Wednesday, March 6, 2013

Mean Girls

Every night, we enjoy a family dinner.  We all sit at the kitchen table and eat together.  It's our chance to catch up with each other and what's happened that day at school, work, etc. 

Pretty mentioned she had spent recess walking with her teacher, so I asked if her friends were off ill?  She responded with "I don't have any friends any more".  What?  Pretty has always had an outgoing personality and has surrounded herself with many friends, so to hear she didn't have friends sent off a warning bell.  I probed a little further asking why she thought this.  She informed me that Jane's mom told her she couldn't play with Pretty anymore; which seemed very harsh.  I gently asked Pretty if she had done something to Jane  that might make her mom say this and Pretty said she hadn't done anything.  But, Pretty's friends have chosen "sides" and play with Jane at recess leaving Pretty to fend for herself.  The upside to this is that Pretty seems indifferent to it all; however, I'm not sure that's really the case.

Now, I know kids can distort the truth and be hurtful.  Perhaps Pretty and Jane had a disagreement or maybe something has happened that I don't know about.  I would hope in the case of the latter, Jane's mom would contact me to let me know.  I did email Jane's mother this morning to clarify things.  I would rather know if Pretty has done something, so I can deal with it accordingly, than have her wonder what happened to her friendship(s).  I somehow have a feeling that this is just the start of girl adolescence.  Girls are mean.  Plain and simple.  I don't know why and I certainly don't agree with it; but, there it is.  I have definitely been a victim of mean girls, and I would by lying if I said I didn't dish out my fair share of meanness too as kid.  But why do we become mean girls; is it survival of the fittest?  Is it learned behaviour.  Do we feel a need to put others down so we feel better about ourselves?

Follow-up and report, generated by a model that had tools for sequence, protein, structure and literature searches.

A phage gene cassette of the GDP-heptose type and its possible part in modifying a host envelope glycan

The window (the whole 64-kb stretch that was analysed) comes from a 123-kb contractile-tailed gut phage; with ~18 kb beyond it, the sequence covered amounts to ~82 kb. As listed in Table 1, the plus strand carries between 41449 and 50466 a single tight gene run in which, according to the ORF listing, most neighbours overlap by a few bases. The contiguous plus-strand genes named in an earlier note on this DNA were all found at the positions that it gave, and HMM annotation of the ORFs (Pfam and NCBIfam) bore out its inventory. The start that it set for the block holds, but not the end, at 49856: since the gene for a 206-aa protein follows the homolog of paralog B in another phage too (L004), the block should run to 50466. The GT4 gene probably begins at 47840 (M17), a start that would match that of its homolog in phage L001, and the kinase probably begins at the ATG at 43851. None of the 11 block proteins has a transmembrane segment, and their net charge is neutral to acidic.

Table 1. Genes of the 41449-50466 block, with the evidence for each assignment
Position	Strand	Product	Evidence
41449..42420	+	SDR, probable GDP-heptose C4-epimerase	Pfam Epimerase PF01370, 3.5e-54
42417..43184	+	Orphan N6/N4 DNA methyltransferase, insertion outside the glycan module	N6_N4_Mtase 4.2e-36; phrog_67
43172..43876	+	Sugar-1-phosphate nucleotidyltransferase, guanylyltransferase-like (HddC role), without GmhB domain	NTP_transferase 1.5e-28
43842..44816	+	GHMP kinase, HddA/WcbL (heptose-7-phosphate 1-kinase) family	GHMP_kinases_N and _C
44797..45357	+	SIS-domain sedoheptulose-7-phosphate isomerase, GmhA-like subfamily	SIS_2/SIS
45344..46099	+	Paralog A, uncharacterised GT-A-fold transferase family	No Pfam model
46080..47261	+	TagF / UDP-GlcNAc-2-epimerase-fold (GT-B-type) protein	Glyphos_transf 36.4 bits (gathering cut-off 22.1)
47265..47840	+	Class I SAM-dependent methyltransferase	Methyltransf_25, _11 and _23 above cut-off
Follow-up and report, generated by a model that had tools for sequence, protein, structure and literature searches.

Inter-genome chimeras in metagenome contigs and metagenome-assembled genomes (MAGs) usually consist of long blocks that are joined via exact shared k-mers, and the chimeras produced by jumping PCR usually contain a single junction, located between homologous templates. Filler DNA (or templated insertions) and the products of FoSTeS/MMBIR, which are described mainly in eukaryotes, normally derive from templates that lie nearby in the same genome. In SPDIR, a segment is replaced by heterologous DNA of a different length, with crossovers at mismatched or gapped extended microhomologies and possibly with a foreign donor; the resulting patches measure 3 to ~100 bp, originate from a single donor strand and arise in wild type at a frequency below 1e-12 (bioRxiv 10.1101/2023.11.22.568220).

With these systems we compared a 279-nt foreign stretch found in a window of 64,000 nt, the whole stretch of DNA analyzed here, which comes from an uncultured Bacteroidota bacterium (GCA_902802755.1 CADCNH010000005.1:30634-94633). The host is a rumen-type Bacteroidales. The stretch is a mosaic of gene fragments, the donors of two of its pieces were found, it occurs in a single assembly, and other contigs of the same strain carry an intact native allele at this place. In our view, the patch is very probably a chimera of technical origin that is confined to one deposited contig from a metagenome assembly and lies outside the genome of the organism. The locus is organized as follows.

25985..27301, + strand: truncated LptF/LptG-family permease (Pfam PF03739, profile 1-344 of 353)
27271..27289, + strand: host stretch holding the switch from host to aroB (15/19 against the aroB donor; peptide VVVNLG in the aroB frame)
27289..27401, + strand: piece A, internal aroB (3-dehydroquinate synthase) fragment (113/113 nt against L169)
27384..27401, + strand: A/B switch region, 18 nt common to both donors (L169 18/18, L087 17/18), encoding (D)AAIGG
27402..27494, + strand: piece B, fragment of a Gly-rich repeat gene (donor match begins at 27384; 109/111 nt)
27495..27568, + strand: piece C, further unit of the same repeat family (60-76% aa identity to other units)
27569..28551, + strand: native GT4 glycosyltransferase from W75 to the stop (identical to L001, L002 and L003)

How can we teach our daugthers that it's okay to have disagreements and differences and still be friends and that differences can actually help us forge stronger bonds?

Sigh, as a mom I want to jump in and fix it; but, I know Pretty has to work this out on her own.  I can at least find out if there is a problem that I need to deal with or if it's simply girls being girls.  In either case, it's not going to be easy. 

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